Last Updated on May 6, 2015, by eNotes Editorial. Word Count: 515
“The Watcher” is told from the third-person-singular point of view, which facilitates approaching the protagonist objectively while still revealing his thoughts. The clearest impressions in the story are those of Amerigo’s mind. Other impressions are less detailed, or vague. Though the voting officials play dramatic roles in the story, their names are not mentioned, and they are drawn in only the harshest of outlines. The major character of Lia is never seen, and her voice is heard only over the telephone, accompanied by undescribed music. All of this serves to intensify the focus on Amerigo’s thoughts and swings of mood. The world of the story is, in fact, presented only as a perception of Amerigo’s. Even the rain at the outset of the story, rather than being presented objectively, independent of Amerigo, is presented as one of his perceptions: “It looked like rain.” Soon afterward is the image of Amerigo “tilting his umbrella to one side and raising his face to the rain.”
Paradox and symbol in this story are basic to Calvino’s theme, and are obvious rather than subtle. The significant symbols are well explained: Cottolengo represents human society as a whole, and the Cottolengo man who was reared in the hospital is homo faber—representative, that is, of the spark within a man that accounts for his humanity.
The most outstanding stylistic trait of the story is Calvino’s mirroring in his sentence structures the complexity of Amerigo’s thoughts. In the story’s second chapter, it is learned that At times the world’s complexity seemed to Amerigo a superimposition of clearly distinct strata, like the leaves of an artichoke; at other times, it seemed a clump of meanings, a gluey dough.
What follows is a tour de force, a one-sentence paragraph that is nearly two pages long. To create many layers of subordination (Amerigo’s qualifying comments and retakes), Calvino utilizes thirty-eight commas, nine pairs of parentheses, four sets of colons, two sets of dashes, and a semicolon. The sentence, about Amerigo’s role as a Communist, is filled with contradictions and paradoxes. Within the sentence, he describes himself, by turns, as pessimistic, optimistic, and skeptical. The paragraph is, itself, like the complexity of Amerigo’s world, an artichoke, each set of leaves enfolding another inside itself.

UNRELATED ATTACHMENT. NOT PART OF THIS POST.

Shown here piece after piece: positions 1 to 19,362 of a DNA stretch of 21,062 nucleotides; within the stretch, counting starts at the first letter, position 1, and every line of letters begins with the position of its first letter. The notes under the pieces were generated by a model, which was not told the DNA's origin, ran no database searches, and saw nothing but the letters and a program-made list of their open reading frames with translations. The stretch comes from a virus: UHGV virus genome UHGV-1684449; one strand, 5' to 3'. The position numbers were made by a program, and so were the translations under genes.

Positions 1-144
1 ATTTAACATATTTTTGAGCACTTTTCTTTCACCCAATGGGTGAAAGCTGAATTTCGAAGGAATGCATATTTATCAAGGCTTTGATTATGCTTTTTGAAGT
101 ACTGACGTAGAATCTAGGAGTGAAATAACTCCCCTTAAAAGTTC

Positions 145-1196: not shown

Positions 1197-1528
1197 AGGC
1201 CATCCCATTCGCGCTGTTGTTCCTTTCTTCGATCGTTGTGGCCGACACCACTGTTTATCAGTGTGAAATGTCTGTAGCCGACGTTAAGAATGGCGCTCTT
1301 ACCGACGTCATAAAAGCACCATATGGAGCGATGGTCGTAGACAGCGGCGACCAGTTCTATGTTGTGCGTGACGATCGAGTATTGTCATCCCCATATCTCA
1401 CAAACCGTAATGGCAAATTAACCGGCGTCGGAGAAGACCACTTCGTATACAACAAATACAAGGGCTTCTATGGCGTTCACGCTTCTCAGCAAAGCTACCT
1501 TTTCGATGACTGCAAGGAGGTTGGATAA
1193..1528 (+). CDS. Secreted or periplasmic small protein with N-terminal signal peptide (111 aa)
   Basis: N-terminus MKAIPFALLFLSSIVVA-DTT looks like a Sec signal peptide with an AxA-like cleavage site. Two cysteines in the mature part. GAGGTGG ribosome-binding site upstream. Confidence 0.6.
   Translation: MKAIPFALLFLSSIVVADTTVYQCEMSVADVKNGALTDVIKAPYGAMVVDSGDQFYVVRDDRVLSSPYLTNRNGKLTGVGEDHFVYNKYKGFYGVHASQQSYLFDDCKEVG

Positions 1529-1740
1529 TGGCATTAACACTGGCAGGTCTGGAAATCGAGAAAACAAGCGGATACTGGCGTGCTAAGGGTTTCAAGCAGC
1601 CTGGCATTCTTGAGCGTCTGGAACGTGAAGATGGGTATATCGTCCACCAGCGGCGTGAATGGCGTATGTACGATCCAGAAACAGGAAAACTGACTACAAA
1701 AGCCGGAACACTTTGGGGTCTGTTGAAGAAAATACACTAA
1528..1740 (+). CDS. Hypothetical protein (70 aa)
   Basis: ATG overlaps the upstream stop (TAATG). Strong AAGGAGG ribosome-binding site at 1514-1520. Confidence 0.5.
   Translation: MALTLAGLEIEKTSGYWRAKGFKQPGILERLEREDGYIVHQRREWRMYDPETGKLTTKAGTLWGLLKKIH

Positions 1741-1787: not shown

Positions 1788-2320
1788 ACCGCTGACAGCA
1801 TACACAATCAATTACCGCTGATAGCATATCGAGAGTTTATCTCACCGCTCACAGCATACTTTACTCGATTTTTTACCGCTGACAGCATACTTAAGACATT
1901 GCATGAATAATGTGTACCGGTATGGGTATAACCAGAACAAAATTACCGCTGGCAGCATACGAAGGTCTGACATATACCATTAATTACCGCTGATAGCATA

Another example of Calvino’s artistry occurs in the fourth chapter of the story. The second paragraph (“It was a hidden Italy that filed through that room . . . ” ) is another lengthy, one-sentence paragraph. This time, the sentence is periodic rather than cumulative, in order to create tension. It describes the inmates of Cottolengo as the “secret of families and of villages,” poverty’s “incestuous couplings,” and “the mistake risked by the material of human race each time it reproduces itself.” The sentence is rhythmically interrupted with the parenthetical disclaimers, “but not only,” which emphasize Amerigo’s caution and fastidiousness as a thinker and build up suspense toward the climax in the image of mutants, products of poisons and radiation, and the insistence on randomness as the governing agent in human generation.
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